Where Technology Meets Newbery by Eti Berland

It was 7:47am and I needed to do something that terrified me.  I promised myself after finally applying to library school that I would seek out experiences that intimidated me – and look them straight in the eye. So I decided to jump into the unknown, and along with my submission to the 90-Second Newbery Film FestivalMadeleine L’Engle’s A Ring of Endless Light in the style of This American Life — I volunteered to help. To my surprise, festival creator and curator and acclaimed author James Kennedy accepted my offer. Ever since then, I have helped create comedy segments for the festival, from the Snooki vs. Newbery challenge to the Dark Side of the Newbery trivia game to the Late Night-inspired “If They Mated” gag and also created a promotional video about only reading Newbery-winning books as a parody of Carly Rae Jepsen’s “Call Me Maybe,” featuring clips of festival submissions. I played a small part in the legion of book enthusiasts who help to promote the 90-Second Newbery Film Festival, and feel honored to have contributed to its success. However, the credit for creating this incredible event belongs to the innovative imaginings of James Kennedy, who dared to dream of a program that would combine creativity, technology, and literacy.

The 90-Second Newbery Film Festival, a program of the Kidlit Foundation, an Illinois literacy nonprofit, is a video contest where filmmakers tell the entire story of a Newbery award-winning book in 90 seconds or less. First started in 2011, the 90-Second Newbery Film Festival is now entering its second year, with screenings in New York, Chicago, Sheboygan, Portland, and Tacoma – and more on the way. James Kennedy started this project by sharing his adaptation of Madeleine L’Engle’s A Wrinkle in Time, which quickly went viral. As Kennedy points out on his website, “It turns out that any book, no matter how worthy and somber, becomes pleasingly ludicrous when compressed into 90 seconds.”

The Newbery award represents the most distinguished books for children since 1922, and is regarded as the most prestigious award in children’s literature. Compressing these literary greats requires children to critically think about the elements of each story and examine them in a new light. The challenge of adapting an entire book within this limited timeframe has resulted in inventive approaches to storytelling, as well as hilarious deconstructions of beloved tales.  Both beloved and obscure texts are kept fresh by being reinterpreted by a new generation of readers. 90-Second Newbery submissions have included a musical version of Mrs. Frisby and the Rats of NIMH, Carl Hiaasen’s Hoot in the style of Godzilla, Beverly Cleary’s beloved heroine transformed into Robot Quimby: Age 8.235, and my recent favorite, Arnold Lobel’s Frog and Toad Together as a Wes Anderson-style romance. The possibilities are endless for our creative and witty children.

Participating in the 90-Second Newbery enables young people to engage in modern transmedia combined with the traditional literature we love to promote. Children are not passively reading texts; they are creating art, music, fan-fiction, and films based on them. They feel connected to these books by expanding their reading experience across many platforms and sharing them with others. Children are creating art for a real audience, which makes this form of self-expression incredibly meaningful and motivating. For many young people, participating in the 90-Second Newbery facilitates teamwork as they band together to create their video. They become a community of storytellers who each contribute their unique skills and talents to make the story come to life.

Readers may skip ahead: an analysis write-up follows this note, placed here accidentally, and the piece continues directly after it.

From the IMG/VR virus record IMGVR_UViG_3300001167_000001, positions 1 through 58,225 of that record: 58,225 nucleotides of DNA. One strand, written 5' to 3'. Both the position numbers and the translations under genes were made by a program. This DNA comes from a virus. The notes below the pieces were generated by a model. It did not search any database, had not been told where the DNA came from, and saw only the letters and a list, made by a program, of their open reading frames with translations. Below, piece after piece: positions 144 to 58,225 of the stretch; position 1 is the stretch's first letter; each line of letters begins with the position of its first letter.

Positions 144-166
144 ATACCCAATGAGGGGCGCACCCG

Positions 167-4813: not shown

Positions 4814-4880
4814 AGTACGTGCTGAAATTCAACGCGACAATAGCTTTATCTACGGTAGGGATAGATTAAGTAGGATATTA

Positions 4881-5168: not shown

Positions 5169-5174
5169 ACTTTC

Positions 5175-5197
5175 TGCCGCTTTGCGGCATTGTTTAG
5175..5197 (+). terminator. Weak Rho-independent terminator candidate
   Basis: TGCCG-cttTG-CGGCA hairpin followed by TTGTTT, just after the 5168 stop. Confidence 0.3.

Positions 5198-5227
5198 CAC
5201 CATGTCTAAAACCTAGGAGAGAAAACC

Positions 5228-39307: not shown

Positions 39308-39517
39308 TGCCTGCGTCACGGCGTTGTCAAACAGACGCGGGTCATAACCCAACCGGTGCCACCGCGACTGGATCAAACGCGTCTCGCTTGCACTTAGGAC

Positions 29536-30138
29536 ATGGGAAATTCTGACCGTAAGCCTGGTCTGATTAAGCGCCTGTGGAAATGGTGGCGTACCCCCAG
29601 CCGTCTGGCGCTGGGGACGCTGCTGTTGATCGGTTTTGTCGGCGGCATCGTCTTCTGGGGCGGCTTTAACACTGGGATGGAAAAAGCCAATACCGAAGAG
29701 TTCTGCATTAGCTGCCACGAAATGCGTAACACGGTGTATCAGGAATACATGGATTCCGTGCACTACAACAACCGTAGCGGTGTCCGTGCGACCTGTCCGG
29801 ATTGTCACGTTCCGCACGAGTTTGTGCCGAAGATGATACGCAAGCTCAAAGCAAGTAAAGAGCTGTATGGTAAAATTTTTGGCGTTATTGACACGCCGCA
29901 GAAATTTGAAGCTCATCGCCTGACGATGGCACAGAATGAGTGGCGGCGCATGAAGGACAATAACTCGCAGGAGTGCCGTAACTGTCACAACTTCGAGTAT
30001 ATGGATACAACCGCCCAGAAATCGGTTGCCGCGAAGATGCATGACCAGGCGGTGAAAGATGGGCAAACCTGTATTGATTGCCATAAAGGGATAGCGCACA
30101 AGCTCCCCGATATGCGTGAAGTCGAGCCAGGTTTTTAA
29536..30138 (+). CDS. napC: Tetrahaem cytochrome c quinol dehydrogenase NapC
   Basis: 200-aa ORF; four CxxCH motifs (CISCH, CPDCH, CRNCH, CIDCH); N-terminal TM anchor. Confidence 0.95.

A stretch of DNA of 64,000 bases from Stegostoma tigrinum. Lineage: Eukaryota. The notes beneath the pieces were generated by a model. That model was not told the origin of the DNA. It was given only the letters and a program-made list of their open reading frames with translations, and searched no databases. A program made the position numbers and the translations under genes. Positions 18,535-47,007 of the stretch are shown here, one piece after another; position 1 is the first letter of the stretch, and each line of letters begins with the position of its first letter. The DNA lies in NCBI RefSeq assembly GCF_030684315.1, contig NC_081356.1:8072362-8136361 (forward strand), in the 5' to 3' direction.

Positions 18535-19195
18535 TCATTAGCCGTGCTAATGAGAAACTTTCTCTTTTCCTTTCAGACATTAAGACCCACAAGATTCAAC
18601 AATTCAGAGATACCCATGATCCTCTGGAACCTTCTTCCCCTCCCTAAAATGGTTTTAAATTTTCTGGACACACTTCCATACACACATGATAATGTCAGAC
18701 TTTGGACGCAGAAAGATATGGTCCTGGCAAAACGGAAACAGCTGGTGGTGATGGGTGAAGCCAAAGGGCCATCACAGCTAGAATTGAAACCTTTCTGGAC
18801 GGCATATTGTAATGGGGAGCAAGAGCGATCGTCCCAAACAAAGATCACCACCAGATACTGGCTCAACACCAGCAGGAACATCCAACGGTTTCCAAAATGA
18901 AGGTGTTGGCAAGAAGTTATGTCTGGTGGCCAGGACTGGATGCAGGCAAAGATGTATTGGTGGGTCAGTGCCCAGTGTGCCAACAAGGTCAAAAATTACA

During the film screenings, Kennedy curates an individualized show that showcases the films that actual attendees have created and celebrates them publicly for their originality. The experience of seeing their films on the big screen, and having a live audience respond to them, is a moment young filmmakers will remember and treasure. Award-winning authors like Jon Scieszka, Kate DiCamillo, Rita Williams-Garcia, Margi Preus, Brian Floca, Dan Yaccarino, Blue Balliett, Laini Taylor, Kevin Emerson, and Dale Basye have joined Kennedy at various screenings to co-host and add their authorial pizzazz to the proceedings. Between the films, musical numbers, comedic games, and special guests, not to mention James Kennedy’s energetic role as the Master of Ceremonies, the 90-Second Newbery Film Festival is a non-stop magical extravaganza.

Anyone can submit a video for the 90-Second Newbery Film Festival. Submissions have come from around the world from home-school groups, camps, library helpers, teen advisory boards, college students, and many others. A free curriculum, created by Debra Ross, provides resources for getting started.  If you feel daunted by new challenges, but also take delight in new possibilities, I urge you to take the plunge to support literacy and make a 90-Second Newbery video. I’ll be waiting eagerly to watch it, and, in the meantime, I’ll be reading Newberys.

Eti Berland is a graduate student at the School of Library and Information Science at the University of Illinois at Champaign-Urbana, specializing in youth services. She has worked as a middle school and high school teacher, teachers’ center facilitator, and curriculum developer. She is the Acting Head Librarian at Hebrew Theological College. She just completed the #Newbery Challenge in time for the 90-Second Newbery Film Festival in Chicago. She blogs at Inthekeyofbooks.blogspot.com and you can follow her on Twitter at @etiberland.